While limiting our vision of the external world, television is a powerful tool for influencing our unconscious. We seem to have forgotten, claims Nelson, "what even the most 'primitive' culture once knew and respected: that the image is a pathway to our deepest psychic levels and is thereby an incredibly powerful thing to be used wisely, even ritualistically, because of its potent resonance with the unconscious" (22). The fact that we subject ourselves to this constant bombardment of images without acknowledging their power to influence us, for a variety of reasons, involves us in a great paradox:

The irony of our patriarchal age is that at the same time as we have been taught to discount what the patriarchy scorns as "irrational," a great industry has risen up to fully exploit those same scorned dimensions. It is precisely here that patriarchy and capitalism meet: at the site of exploiting what is scorned. Television is the epitome of that exploitation industry: especially because of its location in the home and its non-stop, twenty-four-hour a day accessibility. (22-3)

Thus the "perfect machine"--efficient, accessible--moving a mass of viewers whose cynicism and irony have rendered critical thinking harmless while the medium communicates directly with the discounted unconscious. We are colonized by the eye.

If there is any light at the end of this tunnel-vision, it is, according to Nelson, the possibility that all the image-making technologies of the 20th C.--photography, film, television--"may themselves be signs of an age trying to reconnect, via the mass-produced image, to the unconscious" (23). In this hunger for reconnection is the possibility that we will abandon our quest to abandon the inefficient fleshly body.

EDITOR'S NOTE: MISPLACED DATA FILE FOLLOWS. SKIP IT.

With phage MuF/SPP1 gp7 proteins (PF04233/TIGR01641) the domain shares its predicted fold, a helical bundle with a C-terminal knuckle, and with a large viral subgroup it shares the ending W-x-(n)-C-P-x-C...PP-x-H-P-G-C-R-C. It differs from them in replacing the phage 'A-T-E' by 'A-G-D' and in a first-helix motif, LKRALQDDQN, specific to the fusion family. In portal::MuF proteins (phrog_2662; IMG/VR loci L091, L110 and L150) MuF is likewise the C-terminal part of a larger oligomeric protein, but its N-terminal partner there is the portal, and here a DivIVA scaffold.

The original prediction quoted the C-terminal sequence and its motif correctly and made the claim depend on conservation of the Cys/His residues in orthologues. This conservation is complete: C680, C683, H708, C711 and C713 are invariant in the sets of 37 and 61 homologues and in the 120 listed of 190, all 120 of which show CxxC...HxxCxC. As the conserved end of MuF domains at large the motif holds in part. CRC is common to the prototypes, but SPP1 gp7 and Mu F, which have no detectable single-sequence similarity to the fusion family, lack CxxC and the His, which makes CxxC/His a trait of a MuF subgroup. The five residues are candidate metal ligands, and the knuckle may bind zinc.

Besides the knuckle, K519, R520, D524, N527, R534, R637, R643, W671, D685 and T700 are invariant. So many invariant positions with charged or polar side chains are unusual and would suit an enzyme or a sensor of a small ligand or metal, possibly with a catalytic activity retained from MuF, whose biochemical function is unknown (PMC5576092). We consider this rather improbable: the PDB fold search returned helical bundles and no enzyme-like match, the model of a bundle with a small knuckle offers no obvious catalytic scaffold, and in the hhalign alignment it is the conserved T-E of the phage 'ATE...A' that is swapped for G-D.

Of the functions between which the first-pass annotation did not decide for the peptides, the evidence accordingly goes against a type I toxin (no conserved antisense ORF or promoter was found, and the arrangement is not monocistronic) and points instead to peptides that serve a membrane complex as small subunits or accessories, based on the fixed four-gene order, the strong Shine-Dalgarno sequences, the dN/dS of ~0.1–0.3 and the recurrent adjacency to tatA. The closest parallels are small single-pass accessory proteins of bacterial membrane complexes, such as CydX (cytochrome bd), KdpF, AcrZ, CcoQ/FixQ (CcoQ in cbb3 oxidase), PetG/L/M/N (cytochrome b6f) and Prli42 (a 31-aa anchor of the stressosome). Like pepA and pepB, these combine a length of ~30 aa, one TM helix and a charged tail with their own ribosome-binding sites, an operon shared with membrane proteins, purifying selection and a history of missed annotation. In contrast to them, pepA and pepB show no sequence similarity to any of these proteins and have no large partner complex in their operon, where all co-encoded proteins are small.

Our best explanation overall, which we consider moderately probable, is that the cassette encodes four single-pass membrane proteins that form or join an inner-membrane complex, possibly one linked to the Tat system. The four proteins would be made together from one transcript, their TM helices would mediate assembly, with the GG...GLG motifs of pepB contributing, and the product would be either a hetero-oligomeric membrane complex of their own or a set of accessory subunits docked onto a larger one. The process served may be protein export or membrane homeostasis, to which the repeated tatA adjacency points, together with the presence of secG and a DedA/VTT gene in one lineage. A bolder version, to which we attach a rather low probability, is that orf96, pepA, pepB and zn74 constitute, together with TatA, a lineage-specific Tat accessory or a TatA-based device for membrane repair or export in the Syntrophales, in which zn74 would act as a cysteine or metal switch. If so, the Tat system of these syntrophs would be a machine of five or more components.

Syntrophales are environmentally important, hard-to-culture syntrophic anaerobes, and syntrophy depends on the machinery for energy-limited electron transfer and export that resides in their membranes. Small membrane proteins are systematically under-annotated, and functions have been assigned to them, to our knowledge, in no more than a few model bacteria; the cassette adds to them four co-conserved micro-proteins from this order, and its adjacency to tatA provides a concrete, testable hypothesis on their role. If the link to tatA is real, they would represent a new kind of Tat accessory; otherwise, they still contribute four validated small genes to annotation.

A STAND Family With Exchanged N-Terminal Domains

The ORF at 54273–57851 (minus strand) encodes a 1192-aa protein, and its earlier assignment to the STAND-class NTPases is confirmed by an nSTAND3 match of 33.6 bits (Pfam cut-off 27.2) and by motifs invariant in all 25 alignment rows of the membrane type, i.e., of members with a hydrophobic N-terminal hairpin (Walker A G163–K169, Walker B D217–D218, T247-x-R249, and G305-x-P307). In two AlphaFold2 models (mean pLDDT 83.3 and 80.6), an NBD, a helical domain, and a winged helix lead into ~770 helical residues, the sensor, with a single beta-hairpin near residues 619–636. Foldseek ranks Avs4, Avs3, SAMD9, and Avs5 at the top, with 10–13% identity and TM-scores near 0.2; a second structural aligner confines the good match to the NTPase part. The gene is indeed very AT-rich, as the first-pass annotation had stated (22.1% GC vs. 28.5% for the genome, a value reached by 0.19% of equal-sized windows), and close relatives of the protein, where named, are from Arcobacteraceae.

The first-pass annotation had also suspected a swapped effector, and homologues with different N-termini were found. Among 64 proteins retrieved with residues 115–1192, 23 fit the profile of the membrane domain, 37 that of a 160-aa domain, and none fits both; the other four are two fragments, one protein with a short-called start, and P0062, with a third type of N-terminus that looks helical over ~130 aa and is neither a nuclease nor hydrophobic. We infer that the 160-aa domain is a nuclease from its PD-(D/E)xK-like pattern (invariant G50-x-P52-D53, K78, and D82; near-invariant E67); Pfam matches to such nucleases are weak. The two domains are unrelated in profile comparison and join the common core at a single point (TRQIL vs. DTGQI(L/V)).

For Nelson, the space industry epitomizes this quest to abandon the body: "This astronautical body, in its perfect weightlessness, its manufactured skin, and its trusting dependence on machines, has at last overcome that clumsy impediment to progress, that embarrassment to patriarchal efficiency, that thing of madness and scandal which was the earthly body." Instead, "this new body is quite literally a no-body: a series of blips on the computer screen, an image on the TV monitor, a servo-mechanism functioning in perfect sync with the machines around it" (161). In the astronaut, we see the embodiment of our craving for transcendence; in this case, the human is encased in a technological cocoon which makes it all possible. We have become absorbed by the machine, and it has taken all the resources of the planet to remake nature in our technologically-mediated image. We have become like gods, and we might as well, according to Stuart Brand, get good at it.

The Paradox of Technology